Advertisement

Gas tax 'arithmetic' doesn't add up

Letter writer Alvin Bobers' attempt to make a new gas tax increase seem insignificant does not pass muster ("Gas tax arithmetic," Feb. 27).

Yes, a lot of vehicles are rated for 30 mpg, but how many actually get that mileage? And 40 mpg is in the future, probably, but it's not here yet.

Advertisement

Even if a vehicle does get 30 mpg on the highway, you can't assume it spends most of its time on a highway. The assumption that most people already have high-mileage cars is just that, an assumption.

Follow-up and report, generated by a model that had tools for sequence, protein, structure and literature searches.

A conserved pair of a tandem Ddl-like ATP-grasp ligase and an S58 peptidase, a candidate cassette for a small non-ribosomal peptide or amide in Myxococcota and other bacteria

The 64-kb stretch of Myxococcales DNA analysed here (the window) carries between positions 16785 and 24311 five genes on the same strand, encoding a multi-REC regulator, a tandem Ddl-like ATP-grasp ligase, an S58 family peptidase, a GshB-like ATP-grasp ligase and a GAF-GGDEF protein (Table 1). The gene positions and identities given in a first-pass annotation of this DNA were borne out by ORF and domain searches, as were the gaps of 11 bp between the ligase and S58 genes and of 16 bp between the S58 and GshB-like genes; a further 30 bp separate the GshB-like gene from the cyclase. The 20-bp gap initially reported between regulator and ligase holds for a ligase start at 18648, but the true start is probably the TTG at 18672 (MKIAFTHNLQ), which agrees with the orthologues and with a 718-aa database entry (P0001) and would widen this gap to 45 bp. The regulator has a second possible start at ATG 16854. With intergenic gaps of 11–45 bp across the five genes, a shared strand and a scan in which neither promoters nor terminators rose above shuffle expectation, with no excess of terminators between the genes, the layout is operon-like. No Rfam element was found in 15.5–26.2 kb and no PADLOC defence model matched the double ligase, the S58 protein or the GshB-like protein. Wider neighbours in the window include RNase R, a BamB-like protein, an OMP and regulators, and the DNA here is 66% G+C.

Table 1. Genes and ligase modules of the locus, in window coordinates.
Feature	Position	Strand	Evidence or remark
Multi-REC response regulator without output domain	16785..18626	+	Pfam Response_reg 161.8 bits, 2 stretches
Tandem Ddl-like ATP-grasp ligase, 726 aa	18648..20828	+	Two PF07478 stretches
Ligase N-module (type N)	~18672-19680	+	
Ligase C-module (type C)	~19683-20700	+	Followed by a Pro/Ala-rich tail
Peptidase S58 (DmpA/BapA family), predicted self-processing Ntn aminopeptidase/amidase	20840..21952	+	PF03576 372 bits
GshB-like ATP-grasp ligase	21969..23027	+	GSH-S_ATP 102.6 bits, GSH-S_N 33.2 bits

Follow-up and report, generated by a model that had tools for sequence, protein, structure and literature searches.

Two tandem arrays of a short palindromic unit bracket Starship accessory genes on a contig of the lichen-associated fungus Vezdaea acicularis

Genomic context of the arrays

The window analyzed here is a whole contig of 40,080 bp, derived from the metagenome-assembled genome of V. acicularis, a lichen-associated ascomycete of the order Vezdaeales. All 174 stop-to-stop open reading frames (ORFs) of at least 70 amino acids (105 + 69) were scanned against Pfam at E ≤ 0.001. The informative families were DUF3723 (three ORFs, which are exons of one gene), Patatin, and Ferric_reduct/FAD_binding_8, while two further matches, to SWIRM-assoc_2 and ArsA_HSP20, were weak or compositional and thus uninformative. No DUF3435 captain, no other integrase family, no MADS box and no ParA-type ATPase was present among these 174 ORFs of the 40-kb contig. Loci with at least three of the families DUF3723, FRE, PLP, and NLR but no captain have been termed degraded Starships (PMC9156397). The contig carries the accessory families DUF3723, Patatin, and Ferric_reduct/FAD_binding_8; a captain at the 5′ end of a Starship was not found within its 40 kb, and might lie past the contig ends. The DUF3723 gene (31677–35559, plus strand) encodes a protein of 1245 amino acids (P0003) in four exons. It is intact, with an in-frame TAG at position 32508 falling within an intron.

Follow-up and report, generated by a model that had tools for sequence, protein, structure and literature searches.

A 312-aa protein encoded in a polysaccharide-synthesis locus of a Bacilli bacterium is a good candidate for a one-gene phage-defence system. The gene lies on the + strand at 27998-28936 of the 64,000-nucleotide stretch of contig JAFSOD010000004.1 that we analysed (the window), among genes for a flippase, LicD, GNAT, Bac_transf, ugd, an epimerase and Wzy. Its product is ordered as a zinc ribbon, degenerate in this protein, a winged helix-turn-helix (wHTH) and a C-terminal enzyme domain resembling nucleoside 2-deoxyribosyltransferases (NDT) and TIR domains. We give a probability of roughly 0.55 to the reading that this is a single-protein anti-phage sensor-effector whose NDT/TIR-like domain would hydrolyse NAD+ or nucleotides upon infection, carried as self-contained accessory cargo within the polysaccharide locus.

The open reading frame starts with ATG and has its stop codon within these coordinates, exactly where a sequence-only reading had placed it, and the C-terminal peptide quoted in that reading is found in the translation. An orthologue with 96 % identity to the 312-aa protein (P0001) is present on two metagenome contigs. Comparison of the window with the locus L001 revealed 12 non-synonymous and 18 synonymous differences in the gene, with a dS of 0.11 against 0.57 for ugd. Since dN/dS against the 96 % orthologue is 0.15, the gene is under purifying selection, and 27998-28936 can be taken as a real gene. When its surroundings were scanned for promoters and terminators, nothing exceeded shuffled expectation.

Those who don't currently don't have a 30-mpg car probably can't afford one. How are they supposed to spend many thousands of dollars on a newer car that might save them only a few hundred dollars a year?

Advertisement

That extra 25-cents may not mean much to Mr. Bober, but it means a whole lot to people who are struggling to live payday-to-payday. If the state was not robbing the transportation fund to pay for other non-transportation expenses, there would be no need to even be talking about a gas tax increase.

Bill Ruff, Towson

Advertisement
Advertisement